As part of CAFOD’s Step into the Gap programme, Sophie Bray met communities in Ethiopia. In this blog she talks about how access to a reliable water source and renewable electricity is transforming one community and giving hope to many others.
It was during the first week of February on our journey through Northern Ethiopia, when we travelled to a rural town in Mekelle called Lemlem.
After meeting the people who lived in the village, it soon became clear how access to a reliable water source and renewable electricity is transforming their community and giving hope to many others.
Sophie Hull is currently taking part in CAFOD’s Step into the Gap Programme and she reflects how Ethiopian communities are adapting the changing climate and the projects that CAFOD’s partners are implementing to help bring about a positive change.
Before coming overseas, I only had heard about climate change and the impact it has on communities. Now, I have seen with my own eyes the realities of climate change.
We had just visited a community in Adigrat, a village that had been supported by access water and renewable energy by CAFOD partners, Adigrat Catholic Diocese Secretariat. Having access to these things had transformed their community, but I was soon to learn that access is not the only barrier communities face when they are impacted by climate change.
Bridgid Duffy, Sophie Bray and Sophie Hull, who are all currently taking part in the Step into the Gap programme, share their experiences of meeting an inspirational business woman in her bustling Ethiopian café.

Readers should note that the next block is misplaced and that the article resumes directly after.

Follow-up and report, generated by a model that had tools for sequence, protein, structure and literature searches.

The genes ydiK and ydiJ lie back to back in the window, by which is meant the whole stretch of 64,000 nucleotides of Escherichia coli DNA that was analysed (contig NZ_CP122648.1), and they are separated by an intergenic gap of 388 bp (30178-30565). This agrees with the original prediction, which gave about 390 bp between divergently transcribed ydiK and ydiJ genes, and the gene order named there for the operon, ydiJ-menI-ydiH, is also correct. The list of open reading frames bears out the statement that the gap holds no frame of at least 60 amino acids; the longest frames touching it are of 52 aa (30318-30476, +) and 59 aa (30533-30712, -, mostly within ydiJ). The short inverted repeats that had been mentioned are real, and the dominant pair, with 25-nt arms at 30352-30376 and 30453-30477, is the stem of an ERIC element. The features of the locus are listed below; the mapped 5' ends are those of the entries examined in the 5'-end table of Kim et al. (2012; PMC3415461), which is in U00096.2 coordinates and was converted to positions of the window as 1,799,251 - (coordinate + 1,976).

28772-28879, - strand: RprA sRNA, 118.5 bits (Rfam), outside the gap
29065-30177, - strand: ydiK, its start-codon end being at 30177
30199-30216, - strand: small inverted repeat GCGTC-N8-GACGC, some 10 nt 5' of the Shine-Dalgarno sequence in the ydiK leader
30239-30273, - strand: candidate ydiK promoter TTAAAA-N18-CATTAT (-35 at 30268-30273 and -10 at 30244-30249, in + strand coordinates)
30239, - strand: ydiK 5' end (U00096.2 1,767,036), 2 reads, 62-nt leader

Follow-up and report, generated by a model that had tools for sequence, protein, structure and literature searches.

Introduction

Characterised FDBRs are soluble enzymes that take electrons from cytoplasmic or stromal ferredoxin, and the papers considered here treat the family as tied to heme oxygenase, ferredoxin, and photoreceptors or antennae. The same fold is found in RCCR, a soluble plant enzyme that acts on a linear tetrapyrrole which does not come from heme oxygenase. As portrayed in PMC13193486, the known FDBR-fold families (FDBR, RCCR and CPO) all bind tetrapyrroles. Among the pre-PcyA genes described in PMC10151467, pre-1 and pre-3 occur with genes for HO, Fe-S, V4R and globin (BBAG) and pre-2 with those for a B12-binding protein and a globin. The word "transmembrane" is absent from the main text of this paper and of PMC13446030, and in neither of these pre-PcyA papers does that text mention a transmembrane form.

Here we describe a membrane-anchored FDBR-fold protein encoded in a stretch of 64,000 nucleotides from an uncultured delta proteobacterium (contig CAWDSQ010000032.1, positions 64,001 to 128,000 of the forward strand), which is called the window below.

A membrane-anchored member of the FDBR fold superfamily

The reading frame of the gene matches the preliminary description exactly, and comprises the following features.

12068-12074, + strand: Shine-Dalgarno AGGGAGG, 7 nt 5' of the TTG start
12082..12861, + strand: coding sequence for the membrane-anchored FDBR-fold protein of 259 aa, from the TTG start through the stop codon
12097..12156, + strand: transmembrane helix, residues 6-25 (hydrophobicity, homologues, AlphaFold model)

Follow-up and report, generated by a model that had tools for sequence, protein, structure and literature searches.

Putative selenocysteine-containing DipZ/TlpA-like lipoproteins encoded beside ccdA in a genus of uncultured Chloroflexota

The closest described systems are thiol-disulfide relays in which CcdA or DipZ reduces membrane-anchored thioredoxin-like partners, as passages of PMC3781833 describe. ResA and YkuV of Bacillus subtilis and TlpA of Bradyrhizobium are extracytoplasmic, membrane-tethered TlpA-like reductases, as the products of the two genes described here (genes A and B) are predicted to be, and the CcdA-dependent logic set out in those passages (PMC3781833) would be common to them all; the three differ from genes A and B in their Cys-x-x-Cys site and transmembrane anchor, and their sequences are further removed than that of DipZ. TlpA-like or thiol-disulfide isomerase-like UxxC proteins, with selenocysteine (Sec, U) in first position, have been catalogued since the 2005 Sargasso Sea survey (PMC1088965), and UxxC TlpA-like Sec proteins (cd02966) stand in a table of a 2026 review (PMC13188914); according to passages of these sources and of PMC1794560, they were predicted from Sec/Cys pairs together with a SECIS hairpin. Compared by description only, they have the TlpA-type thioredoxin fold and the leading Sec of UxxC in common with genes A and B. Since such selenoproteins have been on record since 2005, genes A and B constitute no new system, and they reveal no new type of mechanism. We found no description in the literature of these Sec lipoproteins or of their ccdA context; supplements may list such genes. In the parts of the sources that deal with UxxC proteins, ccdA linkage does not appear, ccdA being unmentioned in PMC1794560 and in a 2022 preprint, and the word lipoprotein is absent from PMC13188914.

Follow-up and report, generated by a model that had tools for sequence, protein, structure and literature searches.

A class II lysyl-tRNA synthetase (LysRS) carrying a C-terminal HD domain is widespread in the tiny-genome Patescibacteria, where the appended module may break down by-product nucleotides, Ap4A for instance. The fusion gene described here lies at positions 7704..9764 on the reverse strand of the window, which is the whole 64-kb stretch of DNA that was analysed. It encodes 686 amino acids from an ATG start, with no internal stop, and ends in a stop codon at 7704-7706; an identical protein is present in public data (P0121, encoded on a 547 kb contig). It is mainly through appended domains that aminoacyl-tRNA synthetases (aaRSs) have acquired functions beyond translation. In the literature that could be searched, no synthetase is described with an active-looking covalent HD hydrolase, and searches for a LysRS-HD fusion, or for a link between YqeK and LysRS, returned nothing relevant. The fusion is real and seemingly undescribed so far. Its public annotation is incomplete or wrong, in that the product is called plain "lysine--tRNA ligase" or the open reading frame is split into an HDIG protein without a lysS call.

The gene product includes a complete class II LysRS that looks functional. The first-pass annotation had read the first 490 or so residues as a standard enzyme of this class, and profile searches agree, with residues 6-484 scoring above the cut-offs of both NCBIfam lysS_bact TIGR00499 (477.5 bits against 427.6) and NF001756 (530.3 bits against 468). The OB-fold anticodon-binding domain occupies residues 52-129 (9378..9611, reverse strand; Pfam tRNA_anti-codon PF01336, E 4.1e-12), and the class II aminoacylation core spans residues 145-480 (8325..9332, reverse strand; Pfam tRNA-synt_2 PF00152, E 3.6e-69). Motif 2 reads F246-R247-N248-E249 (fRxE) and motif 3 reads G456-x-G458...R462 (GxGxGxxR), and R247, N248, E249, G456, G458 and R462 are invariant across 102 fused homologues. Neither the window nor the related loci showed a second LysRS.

After a long journey, we arrived in Mekelle. Before we had even left the bus, we were greeted with open arms and open hearts and welcomed into the home of the Daughters of Charity.
After the inspirational time that we spent in the Ethiopian capital, Addis Ababa, we had travelled up to a beautiful city in Northern Ethiopia called Mekelle, located in the Tigray province. We were staying with CAFOD partners, the Daughters of Charity, and were planning to meet some of the people who the charity has been supporting for many years with their HIV and AIDS livelihood projects.
One of the Daughters of Charity’s main focuses is enabling the empowerment of women. During their time in Mekelle the Daughters of Charity have committed to challenging gender inequality in the region, an issue which is prominent.
Hannah Henley, who is currently taking part in CAFOD’s Step in the Gap, writes this report about meeting an inspirational mother and son in Ethiopia. She explains how with the help of CAFOD’s local partners, people are not only living but thriving with a HIV positive status.
The first few days of our Ethiopian adventure have been full of inspiration, admiration and flavour. We have been staying with CAFOD partners, The Daughters of Charity, in the Ethiopian capital Addis Ababa.